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  2. Pssssh - Spinoza is SUCH an elitist... and he's not a REAL American (although that's primarily because he was Dutch).

    OK - so I hope you probably agree with Spinoza more than you think.

    Do you really think reason "must be" the handmaiden of theology? Doesn't reason have wider applications than just that? I'm pretty sure you think it does. I think you're discounting the extent to which the modern world is the liberal, enlightened world, and the extent to which your perspective is the same as Spinoza's. After all - Spinoza did use reason as the handmaiden of theology - he just didn't think that was it's exclusive use... which I think is your perspective as well.

    Put it this way - you indulge my application of reason to economic questions. I'm assuming you find that appropriate.

    I don't think, in the modern world, we can really claim to conceive of a time when all intellectual pursuits lead invariably back to the Church. When astronomers were jailed simply for applying reason to data because it didn't conform to Church teachings, etc.

    I hate to break it to you, dude, but you are an enlightened, modern, liberal. Not that that means that you have to agree with Spinoza on everything - but I think on the foundational role of reason, you do.

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  3. Oh, I don't think Spinoza presents a very accurate picture of reasonable religious thinking. That doesn't change the fact that whether you or I consider myself a modern liberal on some level, Spinoza would probably understand my mode of theological inquiry in terms of reason as mere handmaiden.

    Upon reading at least the sections of the tractatus that we were concerned with, I found myself enjoying Spinoza a great deal. Throughout the class discussion, however, I lost a bit of that enjoyment. More seemed to come out over time about his philosophical agenda as it related to his Ethics. But there's no question that even if one doesn't agree with Spinoza in the end, his interaction with religious thought is less flat that many other Enlightenment thinkers.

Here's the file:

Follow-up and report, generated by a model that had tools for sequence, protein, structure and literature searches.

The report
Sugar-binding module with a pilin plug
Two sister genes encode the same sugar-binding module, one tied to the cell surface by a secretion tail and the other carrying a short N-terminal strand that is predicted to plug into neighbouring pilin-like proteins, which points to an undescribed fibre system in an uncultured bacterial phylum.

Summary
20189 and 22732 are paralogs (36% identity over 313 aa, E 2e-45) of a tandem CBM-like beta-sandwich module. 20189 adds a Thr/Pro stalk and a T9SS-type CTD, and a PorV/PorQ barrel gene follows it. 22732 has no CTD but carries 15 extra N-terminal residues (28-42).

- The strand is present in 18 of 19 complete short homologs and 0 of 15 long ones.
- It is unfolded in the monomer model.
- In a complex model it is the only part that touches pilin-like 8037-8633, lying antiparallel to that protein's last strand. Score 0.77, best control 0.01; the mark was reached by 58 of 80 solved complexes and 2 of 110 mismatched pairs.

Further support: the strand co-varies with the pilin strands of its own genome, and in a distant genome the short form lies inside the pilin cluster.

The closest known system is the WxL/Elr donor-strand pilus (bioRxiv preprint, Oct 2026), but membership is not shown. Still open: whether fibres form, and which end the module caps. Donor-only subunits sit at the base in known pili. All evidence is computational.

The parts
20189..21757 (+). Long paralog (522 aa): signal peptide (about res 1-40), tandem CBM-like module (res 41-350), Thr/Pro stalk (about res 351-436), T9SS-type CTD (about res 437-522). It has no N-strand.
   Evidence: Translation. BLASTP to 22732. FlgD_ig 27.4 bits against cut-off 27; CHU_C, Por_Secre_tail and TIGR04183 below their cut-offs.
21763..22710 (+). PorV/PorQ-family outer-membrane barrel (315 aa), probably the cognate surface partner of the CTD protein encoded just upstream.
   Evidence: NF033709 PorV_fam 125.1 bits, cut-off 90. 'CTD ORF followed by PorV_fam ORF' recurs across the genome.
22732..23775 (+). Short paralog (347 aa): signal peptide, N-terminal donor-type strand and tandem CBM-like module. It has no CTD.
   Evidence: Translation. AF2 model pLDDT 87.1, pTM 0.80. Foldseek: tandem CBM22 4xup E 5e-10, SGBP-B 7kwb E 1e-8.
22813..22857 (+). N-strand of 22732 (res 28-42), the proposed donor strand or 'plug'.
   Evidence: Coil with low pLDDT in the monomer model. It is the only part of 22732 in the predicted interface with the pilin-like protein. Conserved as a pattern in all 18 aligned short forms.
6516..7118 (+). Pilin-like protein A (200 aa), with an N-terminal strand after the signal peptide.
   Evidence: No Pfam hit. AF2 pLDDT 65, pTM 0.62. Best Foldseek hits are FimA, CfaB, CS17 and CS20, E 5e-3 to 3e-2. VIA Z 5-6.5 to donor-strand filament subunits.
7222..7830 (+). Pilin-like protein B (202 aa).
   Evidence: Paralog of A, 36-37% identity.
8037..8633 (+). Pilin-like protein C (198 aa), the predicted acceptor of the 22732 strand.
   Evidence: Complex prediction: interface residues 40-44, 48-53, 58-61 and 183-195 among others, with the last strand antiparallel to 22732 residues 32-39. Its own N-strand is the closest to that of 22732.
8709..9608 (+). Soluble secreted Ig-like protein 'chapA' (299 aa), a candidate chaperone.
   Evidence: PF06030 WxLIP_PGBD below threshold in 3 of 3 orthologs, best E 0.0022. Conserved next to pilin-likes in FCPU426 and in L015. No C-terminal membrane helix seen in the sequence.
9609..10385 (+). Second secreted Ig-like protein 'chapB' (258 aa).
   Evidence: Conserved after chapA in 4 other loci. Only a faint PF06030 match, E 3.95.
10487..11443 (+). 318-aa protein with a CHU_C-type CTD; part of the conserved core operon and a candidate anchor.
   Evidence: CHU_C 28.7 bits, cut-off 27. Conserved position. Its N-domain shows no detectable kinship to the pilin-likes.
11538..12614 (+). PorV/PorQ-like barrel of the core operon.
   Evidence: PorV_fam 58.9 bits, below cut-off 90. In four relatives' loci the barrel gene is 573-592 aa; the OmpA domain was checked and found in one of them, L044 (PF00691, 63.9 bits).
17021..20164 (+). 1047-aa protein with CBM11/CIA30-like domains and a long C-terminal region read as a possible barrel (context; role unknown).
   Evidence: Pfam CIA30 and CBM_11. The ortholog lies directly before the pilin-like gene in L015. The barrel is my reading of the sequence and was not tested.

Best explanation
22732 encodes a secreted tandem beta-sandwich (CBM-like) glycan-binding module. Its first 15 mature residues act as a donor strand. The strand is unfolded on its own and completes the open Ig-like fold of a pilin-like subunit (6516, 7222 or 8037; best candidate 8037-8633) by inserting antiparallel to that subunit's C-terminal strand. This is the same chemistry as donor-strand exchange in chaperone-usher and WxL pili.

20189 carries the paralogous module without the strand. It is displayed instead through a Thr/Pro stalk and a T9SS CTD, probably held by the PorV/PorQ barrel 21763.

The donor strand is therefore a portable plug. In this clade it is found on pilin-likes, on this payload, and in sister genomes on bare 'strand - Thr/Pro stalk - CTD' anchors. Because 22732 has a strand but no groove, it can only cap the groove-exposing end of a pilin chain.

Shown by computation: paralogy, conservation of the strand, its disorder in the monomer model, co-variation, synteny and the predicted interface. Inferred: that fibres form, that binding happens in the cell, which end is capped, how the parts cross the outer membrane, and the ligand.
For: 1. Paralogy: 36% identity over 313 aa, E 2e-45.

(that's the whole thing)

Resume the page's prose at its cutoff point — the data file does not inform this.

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  4. Right - but I think you're missing my point!

    Clearly you and Spinoza disagree on things religious. But the point is that you DON'T think reason must be theology's handmaiden. You use it as theology's handmaiden, but I don't think that's what Spinoza's liberalism revolted against. I think he was truly revolting against a world in which reason did nothing but serve the Church. You don't live in that world. You accept that reason does other things. You're an enlightened liberal! You're just going to have to get used to it :)

    It's like the way we use the words "right" and "left" and "conservative" and "liberal". The fact is - we are ALL liberals. We can't even conceive of a world where "conservative" meant that you thought the people should have no say over how they are governed.

    I really think when Spinoza talks about the "liberal" perspective - he's talking about the perspective that you have wholly adopted - regardless of differences on religion that you two may have. Maybe I'm being naive, but that's how I read it.